Lemonade is an insurance tech company using behavioral economics and artificial intelligence to process claims efficiently. The company leverages technology to streamline onboarding customers while also applying a financial model to reduce conflicts of interest with customers (perhaps by donating the variable premiums to charity). The company makes money by selling its core insurance products, and via its tech platform, it tries to enhance its sales.


Monzo is an English neobank offering a mobile app and a prepaid debit card for consumers and businesses. It was one of the first app-based banks to enter the UK market, founded by Gary Dolman, Jason Bates, Jonas Huckestein, Paul Rippon, and Tom Blomfield in 2015. All were employees of Starling Bank, a similar neobank challenging the dominance of established financial institutions in England. The company enjoys many revenue streams: business and consumer subscriptions, interchange and overdraft fees, personal loans, and more.


NerdWallet is an online platform providing tools and tips on all matters related to personal finance. The company gained traction as a simple web application comparing credit cards. NerdWallet makes money via affiliate commissions determined according to the affiliate agreements.


Quadpay was an American fintech company founded by Adam Ezra and Brad Lindenberg in 2017. Ezra and Lindenberg witnessed the rising popularity of buy-now-pay-later service Afterpay in Australia and similar service Klarna in Europe. Quadpay collects a range of fees from both the merchant and the consumer via merchandise fees, convenience fees, late payment, and interchange fees.


Revolut an English fintech company offering banking and investment services to consumers. Founded in 2015 by Nikolay Storonsky and Vlad Yatsenko, the company initially produced a low-rate travel card. Storonsky in particular was an avid traveler who became tired of spending hundreds of pounds on currency exchange and foreign transaction fees. The Revolut app and core banking account are free to use. Instead, money is made through a combination of subscription fees, transaction fees, perks, and ancillary services.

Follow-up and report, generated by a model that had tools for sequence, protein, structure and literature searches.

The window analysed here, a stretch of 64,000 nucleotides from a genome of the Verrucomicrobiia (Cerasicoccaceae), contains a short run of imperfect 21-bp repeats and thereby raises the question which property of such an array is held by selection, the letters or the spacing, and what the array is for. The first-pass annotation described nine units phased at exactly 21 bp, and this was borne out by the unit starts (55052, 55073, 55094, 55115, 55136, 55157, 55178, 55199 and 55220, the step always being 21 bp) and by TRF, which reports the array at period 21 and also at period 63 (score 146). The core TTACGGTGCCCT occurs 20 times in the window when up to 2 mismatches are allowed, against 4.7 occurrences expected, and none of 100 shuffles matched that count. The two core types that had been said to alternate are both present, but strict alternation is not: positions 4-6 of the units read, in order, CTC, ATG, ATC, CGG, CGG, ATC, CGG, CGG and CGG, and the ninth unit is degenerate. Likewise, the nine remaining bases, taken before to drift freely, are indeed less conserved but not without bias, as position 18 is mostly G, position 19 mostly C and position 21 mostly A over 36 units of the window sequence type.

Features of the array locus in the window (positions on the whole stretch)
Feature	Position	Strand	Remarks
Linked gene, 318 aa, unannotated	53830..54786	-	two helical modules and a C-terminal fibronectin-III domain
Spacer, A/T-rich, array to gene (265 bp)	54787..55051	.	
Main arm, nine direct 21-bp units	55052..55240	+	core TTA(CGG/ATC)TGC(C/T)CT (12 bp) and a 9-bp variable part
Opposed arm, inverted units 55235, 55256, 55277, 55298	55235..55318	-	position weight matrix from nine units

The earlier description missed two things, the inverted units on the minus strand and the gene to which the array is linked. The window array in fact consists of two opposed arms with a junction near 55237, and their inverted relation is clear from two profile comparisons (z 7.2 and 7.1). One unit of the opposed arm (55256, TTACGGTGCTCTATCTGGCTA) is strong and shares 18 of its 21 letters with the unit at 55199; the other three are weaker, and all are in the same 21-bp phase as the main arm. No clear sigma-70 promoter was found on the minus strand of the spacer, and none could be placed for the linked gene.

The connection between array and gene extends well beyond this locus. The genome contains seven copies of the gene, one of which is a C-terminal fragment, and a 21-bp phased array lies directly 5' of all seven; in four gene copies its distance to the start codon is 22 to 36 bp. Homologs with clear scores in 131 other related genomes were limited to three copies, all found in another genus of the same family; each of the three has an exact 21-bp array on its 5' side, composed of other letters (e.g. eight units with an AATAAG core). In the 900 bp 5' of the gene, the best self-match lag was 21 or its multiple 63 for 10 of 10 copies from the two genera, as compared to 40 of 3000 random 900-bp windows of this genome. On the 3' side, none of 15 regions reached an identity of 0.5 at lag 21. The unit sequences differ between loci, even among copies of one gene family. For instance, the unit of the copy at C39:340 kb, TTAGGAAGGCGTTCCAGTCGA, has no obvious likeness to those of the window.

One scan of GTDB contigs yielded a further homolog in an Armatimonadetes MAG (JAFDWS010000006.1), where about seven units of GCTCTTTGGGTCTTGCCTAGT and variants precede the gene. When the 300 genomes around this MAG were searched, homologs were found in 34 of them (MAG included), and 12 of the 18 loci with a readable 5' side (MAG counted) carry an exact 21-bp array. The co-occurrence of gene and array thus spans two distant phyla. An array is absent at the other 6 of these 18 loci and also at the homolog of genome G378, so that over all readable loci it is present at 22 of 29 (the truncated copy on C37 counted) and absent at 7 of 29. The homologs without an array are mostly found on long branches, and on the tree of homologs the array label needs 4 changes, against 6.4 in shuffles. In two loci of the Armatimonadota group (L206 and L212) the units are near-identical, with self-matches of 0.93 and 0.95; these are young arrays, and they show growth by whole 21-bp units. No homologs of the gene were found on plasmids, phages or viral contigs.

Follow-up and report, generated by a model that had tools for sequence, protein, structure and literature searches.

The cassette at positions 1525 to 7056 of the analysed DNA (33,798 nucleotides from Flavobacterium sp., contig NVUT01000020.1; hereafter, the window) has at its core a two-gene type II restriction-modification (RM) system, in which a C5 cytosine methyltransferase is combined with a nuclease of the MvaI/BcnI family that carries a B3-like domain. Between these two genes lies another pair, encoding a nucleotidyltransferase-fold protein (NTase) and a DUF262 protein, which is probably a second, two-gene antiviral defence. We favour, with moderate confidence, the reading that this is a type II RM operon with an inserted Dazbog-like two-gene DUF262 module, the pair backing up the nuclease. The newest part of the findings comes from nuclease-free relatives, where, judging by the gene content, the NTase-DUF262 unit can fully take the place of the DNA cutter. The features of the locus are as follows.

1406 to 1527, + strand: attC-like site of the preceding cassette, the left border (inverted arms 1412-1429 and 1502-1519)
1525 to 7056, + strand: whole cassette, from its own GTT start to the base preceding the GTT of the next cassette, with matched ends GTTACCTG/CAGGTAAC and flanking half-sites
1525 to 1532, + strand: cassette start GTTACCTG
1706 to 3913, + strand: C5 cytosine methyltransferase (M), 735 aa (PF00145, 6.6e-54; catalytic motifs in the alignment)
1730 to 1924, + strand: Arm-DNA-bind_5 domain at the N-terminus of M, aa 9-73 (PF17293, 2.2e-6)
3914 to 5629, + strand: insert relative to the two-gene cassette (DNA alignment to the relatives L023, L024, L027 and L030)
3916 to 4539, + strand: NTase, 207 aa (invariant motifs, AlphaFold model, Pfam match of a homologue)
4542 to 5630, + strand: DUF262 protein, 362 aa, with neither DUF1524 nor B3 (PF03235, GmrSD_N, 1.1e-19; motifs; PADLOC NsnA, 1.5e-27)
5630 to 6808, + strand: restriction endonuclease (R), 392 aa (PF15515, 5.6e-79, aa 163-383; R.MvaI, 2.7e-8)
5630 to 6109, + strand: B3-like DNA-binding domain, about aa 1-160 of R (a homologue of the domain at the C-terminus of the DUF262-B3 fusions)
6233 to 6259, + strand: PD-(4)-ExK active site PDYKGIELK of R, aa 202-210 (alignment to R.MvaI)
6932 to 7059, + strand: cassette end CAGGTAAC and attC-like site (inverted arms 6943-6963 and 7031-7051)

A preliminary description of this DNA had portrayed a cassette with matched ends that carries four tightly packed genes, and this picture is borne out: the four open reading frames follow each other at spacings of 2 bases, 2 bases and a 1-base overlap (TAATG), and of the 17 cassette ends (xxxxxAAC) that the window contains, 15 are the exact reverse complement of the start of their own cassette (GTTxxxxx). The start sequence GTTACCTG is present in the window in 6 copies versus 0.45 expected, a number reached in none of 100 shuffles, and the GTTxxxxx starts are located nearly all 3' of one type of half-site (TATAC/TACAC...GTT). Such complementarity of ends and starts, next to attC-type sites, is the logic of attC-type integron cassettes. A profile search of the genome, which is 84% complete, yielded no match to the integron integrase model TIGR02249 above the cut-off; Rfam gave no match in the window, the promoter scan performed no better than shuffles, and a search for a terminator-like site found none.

Robinhood is an app that helps to invest in stocks, ETFs, options, and cryptocurrencies, all commission-free. Robinhood earns money by offering: Robinhood Gold, a margin trading service, which starts at $6 a month, earn interests from customer cash and stocks, and rebates from market makers and trading venues.


SoFi is an online lending platform that provides affordable education loans to students, and it expanded into financial services, including loans, credit cards, investment services, and insurance. It makes money primarily via payment processing fees and loan securitization.


Squarespace is a North American hosting and website building company. Founded in 2004 by college student Anthony Casalena as a blog hosting service, it grew to become among the most successful website building companies. The company mostly makes money via its subscription plans. It also makes money via customizations on top of its subscription plans. And in part also as transaction fees for the website where it processes the sales.


Stash is a FinTech platform offering a suite of financial tools for young investors, coupled with personalized investment advice and life insurance. The company primarily makes money via subscriptions, cashback, payment for order flows, and interest for cash sitting on members’ accounts.


Venmo is a peer-to-peer payments app enabling users to share and make payments with friends for a variety of services. The service is free, but a 3% fee applies to credit cards. Venmo also launched a debit card in partnership with Mastercard. Venmo got acquired in 2012 by Braintree, and Braintree got acquired in 2013 by PayPal.


Wealthfront is an automated Fintech investment platform providing investment, retirement, and cash management products to retail investors, mostly making money on the annual 0.25% advisory fee the company charges for assets under management. It also makes money via a line of credits and interests on the cash accounts.


Zelle is a peer-to-peer payment network that indirectly benefits the banks’ consortium that backs it. Zelle also enables users to pay businesses for goods and services, free for users. Merchants pay a 1% fee to Visa or Mastercard, who share it with the bank that issued the card.